Columnists Features

Oh, Mr President, you’ve gone too soon!

KELVIN ESIASA
MY PRESIDENT, how I wish you could listen to the songs of the birds of the land, the Zambian people.
How beautifully they sing! How sad they shout to God for comfort.
My President, the Zambians are singing songs to comfort themselves because you have gone.
They are singing … singing… singing …singing… singing with sadness because you are gone.
Mr President, they are singing but you cannot respond because you are gone and we shall never see you again in this world.
They are singing sorrowful songs that are tearing our hearts apart with sadness.
Oh, Mr President, it’s sad to miss you. Your voice is playing in our hearts.
Your voice, Mr President, was our voice.
It was the people’s voice. We laughed when you cracked jokes and spoke with power.
When you spoke we listened and checked to see we were on the right path.
Oh, my President! It’s sad to hear the news that you’re dead.
No one seems to believe this news. It is sad to learn that you are gone so quickly. It’s so soon to see you crossing over to another land; the Promised Land.
The Land of Love…the Land of Unity…the Land of Worship…the Land of Praise.
Oh, my President, we missed you at the golden jubilee celebrations.
It was nice to see the flag of Zambia being mounted up in the sky. It was nice to see the Zambian flag being hoisted to signify our new hope.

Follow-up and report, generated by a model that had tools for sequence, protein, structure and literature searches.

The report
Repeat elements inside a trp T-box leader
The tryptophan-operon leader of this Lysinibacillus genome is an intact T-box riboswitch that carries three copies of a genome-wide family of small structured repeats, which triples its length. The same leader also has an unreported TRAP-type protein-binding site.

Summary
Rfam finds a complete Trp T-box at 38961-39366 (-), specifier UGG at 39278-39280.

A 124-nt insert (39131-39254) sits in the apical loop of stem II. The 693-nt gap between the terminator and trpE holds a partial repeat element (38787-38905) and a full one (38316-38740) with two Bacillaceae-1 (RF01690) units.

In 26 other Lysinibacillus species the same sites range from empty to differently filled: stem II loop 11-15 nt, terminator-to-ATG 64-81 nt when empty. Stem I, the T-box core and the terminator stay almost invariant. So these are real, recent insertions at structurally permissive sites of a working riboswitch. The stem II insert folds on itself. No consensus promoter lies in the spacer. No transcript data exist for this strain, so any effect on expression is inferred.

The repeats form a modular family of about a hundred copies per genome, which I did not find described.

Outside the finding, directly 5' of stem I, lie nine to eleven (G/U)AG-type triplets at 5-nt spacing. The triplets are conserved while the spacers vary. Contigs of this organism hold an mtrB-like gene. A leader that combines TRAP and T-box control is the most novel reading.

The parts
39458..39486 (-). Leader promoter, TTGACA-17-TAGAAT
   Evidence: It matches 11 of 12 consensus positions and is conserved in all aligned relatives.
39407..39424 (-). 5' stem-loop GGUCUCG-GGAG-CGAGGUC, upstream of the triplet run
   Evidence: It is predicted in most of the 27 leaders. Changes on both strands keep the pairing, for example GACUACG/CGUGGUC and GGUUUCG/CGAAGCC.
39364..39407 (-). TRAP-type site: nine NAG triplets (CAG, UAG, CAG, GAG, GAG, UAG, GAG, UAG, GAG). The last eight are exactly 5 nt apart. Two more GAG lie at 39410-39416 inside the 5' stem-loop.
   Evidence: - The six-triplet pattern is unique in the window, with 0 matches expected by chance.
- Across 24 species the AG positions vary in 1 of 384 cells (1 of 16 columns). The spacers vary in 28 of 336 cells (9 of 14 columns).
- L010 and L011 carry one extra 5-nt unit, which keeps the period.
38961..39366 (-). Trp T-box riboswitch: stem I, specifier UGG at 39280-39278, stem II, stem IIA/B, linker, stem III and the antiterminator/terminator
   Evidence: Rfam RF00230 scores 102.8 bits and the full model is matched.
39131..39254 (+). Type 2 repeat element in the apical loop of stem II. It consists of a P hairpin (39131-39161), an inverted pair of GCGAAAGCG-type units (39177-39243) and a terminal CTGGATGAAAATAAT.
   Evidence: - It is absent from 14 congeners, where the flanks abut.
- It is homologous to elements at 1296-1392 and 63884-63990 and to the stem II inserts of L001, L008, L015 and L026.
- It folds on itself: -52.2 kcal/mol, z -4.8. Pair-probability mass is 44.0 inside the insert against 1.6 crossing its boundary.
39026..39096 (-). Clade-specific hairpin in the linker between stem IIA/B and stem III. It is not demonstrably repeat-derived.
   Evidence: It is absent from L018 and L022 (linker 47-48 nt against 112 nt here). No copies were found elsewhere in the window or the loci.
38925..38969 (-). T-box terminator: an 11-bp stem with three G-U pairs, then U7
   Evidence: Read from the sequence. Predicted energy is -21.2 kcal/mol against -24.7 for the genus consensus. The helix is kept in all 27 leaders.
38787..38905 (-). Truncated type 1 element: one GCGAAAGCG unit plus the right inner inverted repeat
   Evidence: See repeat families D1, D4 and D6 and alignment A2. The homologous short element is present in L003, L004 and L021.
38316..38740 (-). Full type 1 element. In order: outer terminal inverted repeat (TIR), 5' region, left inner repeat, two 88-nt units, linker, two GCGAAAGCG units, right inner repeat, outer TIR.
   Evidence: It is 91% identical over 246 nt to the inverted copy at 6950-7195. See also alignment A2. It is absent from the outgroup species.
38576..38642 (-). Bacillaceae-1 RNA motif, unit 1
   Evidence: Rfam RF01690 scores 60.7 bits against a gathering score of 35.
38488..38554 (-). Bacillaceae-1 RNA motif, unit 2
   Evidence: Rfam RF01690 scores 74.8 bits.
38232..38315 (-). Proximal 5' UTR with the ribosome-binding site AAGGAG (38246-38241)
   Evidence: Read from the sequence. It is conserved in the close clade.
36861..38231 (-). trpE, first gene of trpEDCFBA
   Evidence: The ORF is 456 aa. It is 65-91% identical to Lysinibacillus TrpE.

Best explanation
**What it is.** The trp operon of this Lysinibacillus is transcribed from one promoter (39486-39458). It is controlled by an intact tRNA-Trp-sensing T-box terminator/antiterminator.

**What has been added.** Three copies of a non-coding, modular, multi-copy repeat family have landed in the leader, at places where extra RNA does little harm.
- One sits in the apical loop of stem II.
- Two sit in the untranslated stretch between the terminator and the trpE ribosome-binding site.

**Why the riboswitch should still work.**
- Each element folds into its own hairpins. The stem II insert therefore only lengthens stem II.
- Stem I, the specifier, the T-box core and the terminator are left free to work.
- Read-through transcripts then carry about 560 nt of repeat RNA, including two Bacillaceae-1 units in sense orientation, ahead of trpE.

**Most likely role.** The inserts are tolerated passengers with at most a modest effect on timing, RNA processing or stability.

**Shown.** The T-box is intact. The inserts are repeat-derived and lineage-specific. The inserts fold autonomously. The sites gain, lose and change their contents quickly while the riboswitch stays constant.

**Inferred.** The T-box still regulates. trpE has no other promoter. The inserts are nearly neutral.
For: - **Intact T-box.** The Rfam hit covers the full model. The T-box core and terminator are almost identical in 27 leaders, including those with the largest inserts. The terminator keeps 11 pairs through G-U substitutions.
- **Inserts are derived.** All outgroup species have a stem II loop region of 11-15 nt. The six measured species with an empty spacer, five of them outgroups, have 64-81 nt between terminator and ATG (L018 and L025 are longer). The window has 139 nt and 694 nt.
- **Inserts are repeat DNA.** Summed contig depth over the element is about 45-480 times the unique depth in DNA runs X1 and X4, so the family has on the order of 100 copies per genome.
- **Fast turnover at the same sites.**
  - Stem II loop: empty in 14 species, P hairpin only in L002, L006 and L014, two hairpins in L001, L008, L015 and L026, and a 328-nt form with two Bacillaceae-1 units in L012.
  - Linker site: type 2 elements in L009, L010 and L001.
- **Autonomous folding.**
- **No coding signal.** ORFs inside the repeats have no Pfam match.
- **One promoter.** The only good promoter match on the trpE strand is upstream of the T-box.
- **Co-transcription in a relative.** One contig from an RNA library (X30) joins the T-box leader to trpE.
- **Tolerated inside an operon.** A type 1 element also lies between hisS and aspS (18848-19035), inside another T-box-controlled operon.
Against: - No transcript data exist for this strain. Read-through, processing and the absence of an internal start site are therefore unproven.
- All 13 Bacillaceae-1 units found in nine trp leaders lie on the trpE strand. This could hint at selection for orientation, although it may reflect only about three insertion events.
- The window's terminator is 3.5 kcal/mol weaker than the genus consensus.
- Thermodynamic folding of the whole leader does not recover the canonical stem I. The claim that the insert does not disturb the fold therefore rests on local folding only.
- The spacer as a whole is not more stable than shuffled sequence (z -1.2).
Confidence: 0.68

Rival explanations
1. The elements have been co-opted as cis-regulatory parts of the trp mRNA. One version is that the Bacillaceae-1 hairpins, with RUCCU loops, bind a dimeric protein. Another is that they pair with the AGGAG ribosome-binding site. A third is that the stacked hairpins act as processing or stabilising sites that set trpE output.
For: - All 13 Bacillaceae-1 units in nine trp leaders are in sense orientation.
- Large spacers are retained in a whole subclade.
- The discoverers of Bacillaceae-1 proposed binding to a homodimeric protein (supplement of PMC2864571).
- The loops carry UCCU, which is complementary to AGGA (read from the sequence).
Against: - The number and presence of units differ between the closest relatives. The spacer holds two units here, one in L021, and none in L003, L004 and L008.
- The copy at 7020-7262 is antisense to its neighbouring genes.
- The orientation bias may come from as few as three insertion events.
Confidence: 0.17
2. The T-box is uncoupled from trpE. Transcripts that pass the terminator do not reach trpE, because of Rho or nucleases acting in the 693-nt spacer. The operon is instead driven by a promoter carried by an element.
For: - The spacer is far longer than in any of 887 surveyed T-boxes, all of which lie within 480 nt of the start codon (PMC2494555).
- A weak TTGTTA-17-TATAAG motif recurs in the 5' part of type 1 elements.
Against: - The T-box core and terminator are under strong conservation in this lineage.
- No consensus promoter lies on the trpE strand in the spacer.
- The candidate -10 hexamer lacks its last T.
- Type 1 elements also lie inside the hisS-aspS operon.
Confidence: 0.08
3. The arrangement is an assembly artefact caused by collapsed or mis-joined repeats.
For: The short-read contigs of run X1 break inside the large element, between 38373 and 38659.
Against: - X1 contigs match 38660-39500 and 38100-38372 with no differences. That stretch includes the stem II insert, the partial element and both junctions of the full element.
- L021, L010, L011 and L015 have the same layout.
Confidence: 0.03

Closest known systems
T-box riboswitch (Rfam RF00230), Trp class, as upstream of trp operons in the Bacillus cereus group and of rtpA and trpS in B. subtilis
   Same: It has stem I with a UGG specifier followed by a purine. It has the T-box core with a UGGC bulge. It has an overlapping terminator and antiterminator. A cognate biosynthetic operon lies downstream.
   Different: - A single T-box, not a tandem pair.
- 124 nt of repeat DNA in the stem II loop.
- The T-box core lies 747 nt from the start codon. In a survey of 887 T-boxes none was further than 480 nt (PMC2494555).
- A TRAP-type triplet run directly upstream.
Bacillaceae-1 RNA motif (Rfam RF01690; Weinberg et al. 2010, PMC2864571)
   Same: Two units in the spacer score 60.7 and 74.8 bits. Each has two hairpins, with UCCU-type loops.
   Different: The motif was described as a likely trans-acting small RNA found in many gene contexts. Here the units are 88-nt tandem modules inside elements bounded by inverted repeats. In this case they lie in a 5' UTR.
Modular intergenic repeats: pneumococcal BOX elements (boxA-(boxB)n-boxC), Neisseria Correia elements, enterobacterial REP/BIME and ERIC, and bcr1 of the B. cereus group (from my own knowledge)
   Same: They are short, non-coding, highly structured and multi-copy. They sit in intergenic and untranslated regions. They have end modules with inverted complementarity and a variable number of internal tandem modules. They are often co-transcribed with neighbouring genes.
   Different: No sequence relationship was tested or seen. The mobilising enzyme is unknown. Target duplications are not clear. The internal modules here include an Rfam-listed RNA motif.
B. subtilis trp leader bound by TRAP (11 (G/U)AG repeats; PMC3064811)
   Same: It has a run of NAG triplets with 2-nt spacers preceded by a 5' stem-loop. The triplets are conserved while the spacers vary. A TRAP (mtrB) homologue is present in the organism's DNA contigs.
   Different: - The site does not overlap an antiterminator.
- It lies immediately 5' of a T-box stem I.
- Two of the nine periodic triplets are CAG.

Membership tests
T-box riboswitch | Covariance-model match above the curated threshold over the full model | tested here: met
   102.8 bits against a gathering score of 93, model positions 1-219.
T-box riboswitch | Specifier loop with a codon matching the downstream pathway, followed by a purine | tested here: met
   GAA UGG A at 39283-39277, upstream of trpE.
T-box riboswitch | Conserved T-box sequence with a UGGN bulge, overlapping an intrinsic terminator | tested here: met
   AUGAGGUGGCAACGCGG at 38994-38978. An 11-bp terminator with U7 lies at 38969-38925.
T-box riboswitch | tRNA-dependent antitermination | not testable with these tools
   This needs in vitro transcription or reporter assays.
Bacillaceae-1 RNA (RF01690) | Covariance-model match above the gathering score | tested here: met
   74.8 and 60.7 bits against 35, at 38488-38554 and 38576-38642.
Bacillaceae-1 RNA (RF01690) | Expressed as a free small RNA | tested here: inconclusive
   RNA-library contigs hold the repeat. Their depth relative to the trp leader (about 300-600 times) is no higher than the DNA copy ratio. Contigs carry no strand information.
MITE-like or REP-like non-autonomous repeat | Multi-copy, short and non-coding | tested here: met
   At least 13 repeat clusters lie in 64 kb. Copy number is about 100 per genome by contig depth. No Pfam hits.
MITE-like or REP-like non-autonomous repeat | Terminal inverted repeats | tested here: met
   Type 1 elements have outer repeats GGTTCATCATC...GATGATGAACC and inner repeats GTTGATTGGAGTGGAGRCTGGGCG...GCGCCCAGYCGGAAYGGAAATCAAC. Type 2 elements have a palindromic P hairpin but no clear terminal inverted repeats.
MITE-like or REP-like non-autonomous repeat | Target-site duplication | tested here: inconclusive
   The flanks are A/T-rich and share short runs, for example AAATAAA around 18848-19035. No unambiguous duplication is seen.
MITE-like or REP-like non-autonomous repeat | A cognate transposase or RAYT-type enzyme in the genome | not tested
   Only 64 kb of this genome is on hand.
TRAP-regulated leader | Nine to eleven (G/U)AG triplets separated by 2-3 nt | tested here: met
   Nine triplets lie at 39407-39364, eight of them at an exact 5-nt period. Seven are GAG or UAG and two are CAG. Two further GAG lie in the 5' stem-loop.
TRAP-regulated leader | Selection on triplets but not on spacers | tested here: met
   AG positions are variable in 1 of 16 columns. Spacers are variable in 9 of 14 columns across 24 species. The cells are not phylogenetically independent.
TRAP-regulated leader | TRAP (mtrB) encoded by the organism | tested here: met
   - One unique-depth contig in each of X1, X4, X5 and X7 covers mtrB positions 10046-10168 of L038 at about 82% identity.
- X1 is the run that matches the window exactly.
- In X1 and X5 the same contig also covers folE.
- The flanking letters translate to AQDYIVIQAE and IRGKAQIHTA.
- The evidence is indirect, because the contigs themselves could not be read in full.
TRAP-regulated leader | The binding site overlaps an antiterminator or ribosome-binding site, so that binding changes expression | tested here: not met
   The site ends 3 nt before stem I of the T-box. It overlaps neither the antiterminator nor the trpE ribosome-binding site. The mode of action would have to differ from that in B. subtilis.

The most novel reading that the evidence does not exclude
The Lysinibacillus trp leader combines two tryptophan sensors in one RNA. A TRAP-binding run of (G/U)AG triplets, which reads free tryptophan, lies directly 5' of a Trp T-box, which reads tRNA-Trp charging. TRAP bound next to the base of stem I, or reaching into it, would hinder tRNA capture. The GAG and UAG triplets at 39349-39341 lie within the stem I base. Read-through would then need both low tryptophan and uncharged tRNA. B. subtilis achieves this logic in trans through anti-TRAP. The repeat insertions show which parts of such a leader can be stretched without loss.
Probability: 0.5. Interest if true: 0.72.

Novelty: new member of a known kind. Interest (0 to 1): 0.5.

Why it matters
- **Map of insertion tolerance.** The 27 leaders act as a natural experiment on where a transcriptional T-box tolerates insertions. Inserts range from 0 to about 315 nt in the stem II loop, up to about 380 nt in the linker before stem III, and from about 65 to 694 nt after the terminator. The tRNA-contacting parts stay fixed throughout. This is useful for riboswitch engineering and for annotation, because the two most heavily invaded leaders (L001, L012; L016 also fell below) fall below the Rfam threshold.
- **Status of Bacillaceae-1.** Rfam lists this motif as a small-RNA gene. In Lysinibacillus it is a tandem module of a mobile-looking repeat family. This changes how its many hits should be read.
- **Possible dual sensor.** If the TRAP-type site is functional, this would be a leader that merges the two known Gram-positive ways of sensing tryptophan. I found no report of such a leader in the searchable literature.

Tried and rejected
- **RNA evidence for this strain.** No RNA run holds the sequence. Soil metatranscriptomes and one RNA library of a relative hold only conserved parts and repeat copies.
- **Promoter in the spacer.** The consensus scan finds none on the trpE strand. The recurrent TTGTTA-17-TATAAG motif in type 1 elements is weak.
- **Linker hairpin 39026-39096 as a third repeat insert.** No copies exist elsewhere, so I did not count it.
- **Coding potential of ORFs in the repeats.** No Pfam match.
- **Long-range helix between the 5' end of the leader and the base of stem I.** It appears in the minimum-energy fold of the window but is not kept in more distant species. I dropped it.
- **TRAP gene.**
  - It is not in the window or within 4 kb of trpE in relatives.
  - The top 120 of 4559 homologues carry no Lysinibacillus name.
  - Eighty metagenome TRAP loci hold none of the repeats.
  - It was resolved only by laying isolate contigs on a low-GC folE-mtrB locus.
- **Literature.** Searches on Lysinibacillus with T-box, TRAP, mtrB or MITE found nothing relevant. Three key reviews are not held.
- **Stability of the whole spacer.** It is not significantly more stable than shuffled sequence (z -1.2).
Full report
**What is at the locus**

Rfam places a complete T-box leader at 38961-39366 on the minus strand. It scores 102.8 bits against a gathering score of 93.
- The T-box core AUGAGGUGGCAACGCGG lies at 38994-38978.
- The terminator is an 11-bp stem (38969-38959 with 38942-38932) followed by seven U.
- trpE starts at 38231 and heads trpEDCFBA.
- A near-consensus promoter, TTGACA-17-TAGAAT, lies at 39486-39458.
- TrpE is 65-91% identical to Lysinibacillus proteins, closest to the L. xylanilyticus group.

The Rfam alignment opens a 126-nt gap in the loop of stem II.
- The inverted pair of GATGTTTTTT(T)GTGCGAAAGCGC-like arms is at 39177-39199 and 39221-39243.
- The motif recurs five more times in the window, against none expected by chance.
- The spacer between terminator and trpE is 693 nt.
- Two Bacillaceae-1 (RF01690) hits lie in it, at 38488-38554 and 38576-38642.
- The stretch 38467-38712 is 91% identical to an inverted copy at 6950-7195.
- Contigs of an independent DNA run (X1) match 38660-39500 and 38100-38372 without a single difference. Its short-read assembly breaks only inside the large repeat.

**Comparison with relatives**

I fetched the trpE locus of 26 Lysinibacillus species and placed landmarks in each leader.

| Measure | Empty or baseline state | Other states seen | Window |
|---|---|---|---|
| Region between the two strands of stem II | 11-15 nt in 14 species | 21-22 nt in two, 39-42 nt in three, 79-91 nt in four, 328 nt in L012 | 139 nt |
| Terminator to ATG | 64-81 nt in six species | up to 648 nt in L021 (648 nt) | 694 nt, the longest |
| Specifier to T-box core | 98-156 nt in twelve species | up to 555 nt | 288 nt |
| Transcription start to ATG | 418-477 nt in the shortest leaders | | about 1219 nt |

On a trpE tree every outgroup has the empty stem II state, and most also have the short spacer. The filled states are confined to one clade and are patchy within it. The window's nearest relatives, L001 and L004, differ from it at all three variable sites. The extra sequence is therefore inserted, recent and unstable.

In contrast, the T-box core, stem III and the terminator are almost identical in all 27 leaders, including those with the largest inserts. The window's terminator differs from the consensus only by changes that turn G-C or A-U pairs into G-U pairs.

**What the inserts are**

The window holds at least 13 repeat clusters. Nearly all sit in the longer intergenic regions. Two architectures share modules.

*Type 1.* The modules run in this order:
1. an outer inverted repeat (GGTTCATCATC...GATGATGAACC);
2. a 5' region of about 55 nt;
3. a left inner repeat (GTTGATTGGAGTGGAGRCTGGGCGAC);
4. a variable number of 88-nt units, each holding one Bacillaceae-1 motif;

It was nice to see people from all walks of life come in large numbers to celebrate the 50th Independence Day.
Oh, my President, it was nice.  I could see the Zambian people dancing and blowing the vuvuzela, shouting “jubilee! jubilee! jubilee!
Oh, my President, a new Zambia was born with new hope and determination. A new hope that will take us to great heights.
New hope of confidence and love. New hope that will make us more united than before.
Mr President, it was nice to see our old man, Dr Kenneth Kaunda, our beloved KK, walk and wave to the thousands of Zambians.
It was nice to see KK sing the national anthem and encourage the Zambians to work hard.
Mr President, our joy was cut short when we were told that 26 people had died as they were trying to cross Lake Kariba to attend the jubilee celebrations.
Oh, my President, this was sad. Sad indeed! It was sad, Mr President.
Oh, my President, people said that they were sad because you were not around to encourage them on how to go in the next 50 years.
People wept quietly in their hearts because they missed you.
Oh my President. How lovely you were when you walked among us in the corridors of Lusaka, Kitwe, Ndola, Solwezi and Livingstone.
Mr President, you walked with people from all walks of life. You walked with everyone. You loved your enemies and embraced everyone.
Oh Mr President, your joy, your talk, your love made us look to the future for blessings. You made us dream for a better Zambia.
Oh, Mr President, I remember when you were elected as a President. People celebrated.
Young people walked on the streets shouting “pa bwato”. They were happy because they loved you and your victory was their passion.
Oh, Mr President, you are gone…gone too soon.
You wanted to become President and you made your dream come true. You became President after a long struggle.
Oh, my President, you are gone. Oh, My President, we shall meet at the day of resurrection. May your soul rest in peace.
The author is the president of Zambian Society for Public Administration and Society for Family Business.

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